As part of the interdisciplinary approach as practiced by the Sissi Archaeological Project, an extensive micromorphological study is carried out on site by Laura Matilde Magno.
Complementary to archaeology, micromorphology is a special branch of pedology that involves the study and the interpretation of soils through the analysis of thin sections under the polarizing light microscope. One of the benefits in using this method is that unlike other traditional geoarchaeological methods, such as grain size analysis or chemical analysis, micromorphology studies undisturbed sediments, soils and anthropogenic materials as intact blocks (Stoops 2003).
The archaeological record is not made only by what we see by our eyes. In the so-called microscopic record, a huge range of space below the submillimetres scale, not visible to the naked eye, a great number of information are hidden and embedded (Weiner 2010).
Micromorphology is one of the most powerful approaches to investigate this gap between macroscopic and microscopic archaeological record since it provides information not only about the components of the sediment, such as the minerals assemblage and micro-artefacts, but also about the spatial relations among these elements. It is fundamental to an understanding of the geogenic, anthropogenic and biogenic processes that contributed to the formation of the sediment (Bullock et al. 1985) and it provides information about the structural disturbances due to human activities, the diagenetic processes that affected the sediment after its deposition and the chronological relationship between these various processes.
In Sissi, the focus of micromorphological research is on the anthropogenic aspects, especially sequences and possible functions of floors and rooms. The samples taken vary in size, albeit not much. They are retrieved on site from a pillar left by the archaeologists. There are different methods and strategies to collect the blocks, the choice depending mostly on the kind of sediment you are working with (soil’s integrity and consistency) and on the questions you want to answer. When sampling, the most important thing to care about so that the sample can be useful, is its integrity: it has to be intact and to preserve its structure, the organisation of the soil and the relations between its components.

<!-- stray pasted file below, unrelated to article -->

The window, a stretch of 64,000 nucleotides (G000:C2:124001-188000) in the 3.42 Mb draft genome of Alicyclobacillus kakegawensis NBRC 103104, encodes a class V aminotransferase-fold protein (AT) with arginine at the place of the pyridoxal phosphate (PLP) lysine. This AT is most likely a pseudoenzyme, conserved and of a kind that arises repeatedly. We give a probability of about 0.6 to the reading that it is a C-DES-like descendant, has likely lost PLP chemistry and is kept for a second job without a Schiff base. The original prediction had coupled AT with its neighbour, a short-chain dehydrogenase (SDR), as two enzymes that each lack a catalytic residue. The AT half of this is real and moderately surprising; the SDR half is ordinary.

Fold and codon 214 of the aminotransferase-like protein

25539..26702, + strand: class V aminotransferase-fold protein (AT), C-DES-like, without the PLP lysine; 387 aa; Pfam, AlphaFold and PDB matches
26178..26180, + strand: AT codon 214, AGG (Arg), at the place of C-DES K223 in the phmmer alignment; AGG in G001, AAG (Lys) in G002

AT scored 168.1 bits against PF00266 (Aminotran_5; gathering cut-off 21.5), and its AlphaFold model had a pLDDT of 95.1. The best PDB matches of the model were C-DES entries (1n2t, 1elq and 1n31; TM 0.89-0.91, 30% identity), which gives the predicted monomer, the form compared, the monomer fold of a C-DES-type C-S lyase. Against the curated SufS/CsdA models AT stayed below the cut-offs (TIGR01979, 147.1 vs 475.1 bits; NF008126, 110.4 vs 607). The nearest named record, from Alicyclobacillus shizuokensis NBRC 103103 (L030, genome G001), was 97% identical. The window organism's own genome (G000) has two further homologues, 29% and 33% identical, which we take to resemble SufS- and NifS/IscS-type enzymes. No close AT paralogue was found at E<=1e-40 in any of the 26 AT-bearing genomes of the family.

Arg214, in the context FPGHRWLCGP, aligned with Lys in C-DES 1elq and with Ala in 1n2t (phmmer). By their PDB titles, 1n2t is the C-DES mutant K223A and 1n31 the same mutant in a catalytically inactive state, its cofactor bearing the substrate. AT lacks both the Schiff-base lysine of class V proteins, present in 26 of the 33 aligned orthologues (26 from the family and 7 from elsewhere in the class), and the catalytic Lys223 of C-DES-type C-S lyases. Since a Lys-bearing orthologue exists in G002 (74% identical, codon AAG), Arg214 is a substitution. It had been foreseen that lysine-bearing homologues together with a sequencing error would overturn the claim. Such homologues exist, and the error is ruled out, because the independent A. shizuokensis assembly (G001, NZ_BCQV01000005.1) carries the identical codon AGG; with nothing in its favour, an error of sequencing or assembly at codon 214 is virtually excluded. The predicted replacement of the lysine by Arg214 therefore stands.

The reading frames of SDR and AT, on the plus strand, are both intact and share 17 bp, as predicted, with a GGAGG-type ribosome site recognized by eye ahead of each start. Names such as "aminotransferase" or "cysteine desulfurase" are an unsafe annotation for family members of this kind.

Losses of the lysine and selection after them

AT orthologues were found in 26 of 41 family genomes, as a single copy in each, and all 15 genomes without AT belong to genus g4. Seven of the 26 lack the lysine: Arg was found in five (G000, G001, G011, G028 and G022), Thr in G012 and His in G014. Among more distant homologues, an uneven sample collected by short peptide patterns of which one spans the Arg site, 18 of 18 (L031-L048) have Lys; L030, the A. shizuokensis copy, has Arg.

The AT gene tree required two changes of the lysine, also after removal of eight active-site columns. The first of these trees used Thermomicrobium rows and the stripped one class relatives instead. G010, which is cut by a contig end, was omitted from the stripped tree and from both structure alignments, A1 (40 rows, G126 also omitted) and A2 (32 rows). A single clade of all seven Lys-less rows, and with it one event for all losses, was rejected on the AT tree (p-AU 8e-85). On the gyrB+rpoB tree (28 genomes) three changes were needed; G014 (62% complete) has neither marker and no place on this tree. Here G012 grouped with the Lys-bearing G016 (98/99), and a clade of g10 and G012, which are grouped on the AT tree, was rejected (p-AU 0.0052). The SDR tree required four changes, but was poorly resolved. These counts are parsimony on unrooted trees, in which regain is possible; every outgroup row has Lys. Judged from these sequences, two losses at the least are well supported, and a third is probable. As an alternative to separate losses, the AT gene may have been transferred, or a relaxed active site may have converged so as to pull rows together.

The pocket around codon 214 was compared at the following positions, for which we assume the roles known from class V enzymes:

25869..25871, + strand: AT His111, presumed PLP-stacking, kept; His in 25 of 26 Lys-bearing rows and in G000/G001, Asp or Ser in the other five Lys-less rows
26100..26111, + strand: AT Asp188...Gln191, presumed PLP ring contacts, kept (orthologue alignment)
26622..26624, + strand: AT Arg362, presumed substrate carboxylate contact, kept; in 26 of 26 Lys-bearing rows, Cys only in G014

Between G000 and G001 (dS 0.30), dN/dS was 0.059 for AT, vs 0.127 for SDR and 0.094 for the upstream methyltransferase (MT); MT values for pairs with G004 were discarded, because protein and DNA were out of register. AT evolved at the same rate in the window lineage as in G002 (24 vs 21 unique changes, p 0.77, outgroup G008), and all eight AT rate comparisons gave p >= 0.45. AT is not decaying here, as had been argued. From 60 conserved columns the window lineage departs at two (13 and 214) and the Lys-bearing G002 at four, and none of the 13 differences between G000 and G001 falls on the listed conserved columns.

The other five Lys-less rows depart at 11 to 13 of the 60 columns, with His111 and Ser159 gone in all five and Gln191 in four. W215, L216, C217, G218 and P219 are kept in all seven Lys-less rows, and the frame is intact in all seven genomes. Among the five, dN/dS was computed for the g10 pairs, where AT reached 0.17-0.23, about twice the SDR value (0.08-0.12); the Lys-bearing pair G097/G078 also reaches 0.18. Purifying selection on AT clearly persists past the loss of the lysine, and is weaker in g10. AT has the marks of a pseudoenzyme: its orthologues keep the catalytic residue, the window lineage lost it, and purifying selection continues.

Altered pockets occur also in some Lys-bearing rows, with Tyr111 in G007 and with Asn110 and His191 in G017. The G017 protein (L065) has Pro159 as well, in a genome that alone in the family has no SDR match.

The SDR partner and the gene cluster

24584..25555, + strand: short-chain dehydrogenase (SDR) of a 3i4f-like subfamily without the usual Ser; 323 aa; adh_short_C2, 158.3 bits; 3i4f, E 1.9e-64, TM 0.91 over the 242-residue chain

Once collected, the samples are transferred to the laboratory where they are dried and embedded in a polymer resin. This process can requires a variable range of time depending on the type of polymer and the catalysing agent used.
The block is than processed through cutting and grinding a slice of the block into a very thin section (25 to 30 micrometres thick). The thin section is than analysed with a petrographic polarizing light microscope. After a quantitative description and preliminary interpretation of its components and structure, the thin sections can be further subjected to microscopic, submicroscopic and chemical analyses in order to address more specific research questions. Micromorphological research contributes empirically verifiable information to the larger interpretational framework.
Bullock P., Fedoroff N., Jongerius A., Stoops G., Tursina T. (1985) – Handbook for soil thin section description. Waine Research Publications, Wolverhampton.
Stoops G. (2003) – Guidelines for analysis and description of soil and regolith thin sections. Soil Science Society of America, Madison, WI.
Weiner S., (2010) Microarchaeology: beyond the visible archaeological record. Cambridge University Press.